Mark Shapiro at the Lacoste Gallery

“You work for 25 years at something,” says momentous western Massachusetts studio potter Mark Shapiro, “and if you do it with commitment and an open spirit, your work changes, grows, and deepens.” Even as it continues to consist of functional teapots, cups, and platters, architectural boxes and ovoid sculptural jugs, its finite forms accommodate new configurations, surprising new unities of size, shape, color, and texture.

After establishing yourself at crafts shows and joining the nation’s finest potters, you find your work being invited for solo exhibitions at the Ferrin in Lenox, the AKAR in Iowa City, the Clay Studio in Philadelphia, and, from October 9th – 27th, at the Lacoste Gallery in Concord, Massachusetts. Within weeks of the Lacoste exhibit, your friends and paid apprentices help you unload your wood-burning brick kiln. You stack it—500 pieces from a single firing—on shelves and skids in the studio you built on a rise above your early American saltbox house in the country.

You’ll pack up and ship off to Lucy Lacoste a significant portion of this unloading, 50 pieces or more, and trust her to place the work on pedestals and shelves in the back of her gallery. In the quiet white space, your work will form one aesthetic whole, more than it did when it found itself in group exhibits.

“You go from being someone who makes the stuff and sells it, however you can,” you say if you’re glad to have worked this hard to get here, “to someone who gets to think about the work in groups.” Nearing 50, you enjoy “more opportunity,” you say if you’re Mark Shapiro, “to make pots that speak to one another—that speak about a moment in time,” not from miscellaneous bursts of inspiration but from sustained interest in the “shape-shifting nature of clay” and the sense of contributing to the “compelling records of the human touch on the earth.”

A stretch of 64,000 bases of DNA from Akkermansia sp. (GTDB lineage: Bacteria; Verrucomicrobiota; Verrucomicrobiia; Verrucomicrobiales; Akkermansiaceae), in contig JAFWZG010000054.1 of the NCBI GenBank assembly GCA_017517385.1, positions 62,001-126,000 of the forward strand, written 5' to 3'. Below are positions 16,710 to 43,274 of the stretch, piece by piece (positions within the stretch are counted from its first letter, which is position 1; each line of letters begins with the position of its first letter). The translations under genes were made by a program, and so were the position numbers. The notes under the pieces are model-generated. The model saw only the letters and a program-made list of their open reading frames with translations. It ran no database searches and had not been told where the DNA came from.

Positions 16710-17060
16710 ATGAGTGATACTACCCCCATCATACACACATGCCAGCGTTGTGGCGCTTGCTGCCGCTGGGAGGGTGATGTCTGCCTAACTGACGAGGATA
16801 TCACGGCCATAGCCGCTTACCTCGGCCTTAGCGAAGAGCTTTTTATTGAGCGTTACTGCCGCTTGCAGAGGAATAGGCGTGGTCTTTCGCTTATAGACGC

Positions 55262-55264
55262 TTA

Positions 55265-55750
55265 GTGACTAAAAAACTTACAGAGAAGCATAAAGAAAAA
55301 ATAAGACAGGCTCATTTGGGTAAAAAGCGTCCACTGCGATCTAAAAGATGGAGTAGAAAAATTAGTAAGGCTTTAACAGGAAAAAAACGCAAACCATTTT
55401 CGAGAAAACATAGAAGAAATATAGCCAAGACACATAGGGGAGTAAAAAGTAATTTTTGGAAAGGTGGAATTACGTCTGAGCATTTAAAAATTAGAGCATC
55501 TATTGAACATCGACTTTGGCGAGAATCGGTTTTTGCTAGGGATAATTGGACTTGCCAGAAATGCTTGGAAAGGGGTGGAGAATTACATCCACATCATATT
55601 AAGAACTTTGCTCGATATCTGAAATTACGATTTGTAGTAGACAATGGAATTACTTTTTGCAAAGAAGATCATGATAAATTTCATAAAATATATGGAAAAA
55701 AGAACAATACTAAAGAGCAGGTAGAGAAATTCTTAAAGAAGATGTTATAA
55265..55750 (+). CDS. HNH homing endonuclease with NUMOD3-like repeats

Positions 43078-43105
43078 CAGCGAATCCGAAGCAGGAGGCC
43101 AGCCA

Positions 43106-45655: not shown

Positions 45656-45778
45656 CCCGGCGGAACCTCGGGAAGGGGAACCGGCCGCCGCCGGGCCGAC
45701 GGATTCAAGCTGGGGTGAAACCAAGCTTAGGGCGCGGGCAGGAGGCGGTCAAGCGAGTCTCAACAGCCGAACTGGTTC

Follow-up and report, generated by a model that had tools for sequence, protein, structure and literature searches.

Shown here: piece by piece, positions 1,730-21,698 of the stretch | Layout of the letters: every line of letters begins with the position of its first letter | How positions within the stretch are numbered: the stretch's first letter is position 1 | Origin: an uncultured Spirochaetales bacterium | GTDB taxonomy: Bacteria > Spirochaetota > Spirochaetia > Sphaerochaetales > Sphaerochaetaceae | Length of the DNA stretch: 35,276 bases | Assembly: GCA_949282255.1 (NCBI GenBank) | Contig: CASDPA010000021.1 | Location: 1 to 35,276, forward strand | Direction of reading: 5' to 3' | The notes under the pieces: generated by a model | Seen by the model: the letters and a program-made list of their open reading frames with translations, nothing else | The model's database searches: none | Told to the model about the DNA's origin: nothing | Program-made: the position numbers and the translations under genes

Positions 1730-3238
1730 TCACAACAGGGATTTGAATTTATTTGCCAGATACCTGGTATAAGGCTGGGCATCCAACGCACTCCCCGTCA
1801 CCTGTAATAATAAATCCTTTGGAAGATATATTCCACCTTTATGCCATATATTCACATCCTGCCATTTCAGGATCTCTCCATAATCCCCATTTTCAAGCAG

Your exhibit includes teacups with black calligraphic scribbles on their facets; iron and coppery green bowls and platters with black concentric whorls or variegated rings on their bottoms; plump teapots with stout spouts and any number of surface patterns, some with horizontal rows of scribbles and bands, some with alternating vertical stripes; squat boxes with granular, salt-glazed surfaces; solid, irregularly cylindrical vases with an expressive gesture of squiggles on each flattened facet; tall boxes, tapering toward the top, with striped and banded sides; and tall jugs narrow at base and lip and plumped out proportionately in the middle, as if swollen by something living inside them.

At the opening, you talk about the influences—the early American stoneware you’ve been interested in lately, the Asian ceramics traditions you’ve honored all along—and a bit about the technique—the soda ash in your firing, the locally mined materials in your glazing—and then you go back home to western Mass to make more pottery, to see if your work will “continue to reveal additional possibilities and depths” the way it so reliably has thus far.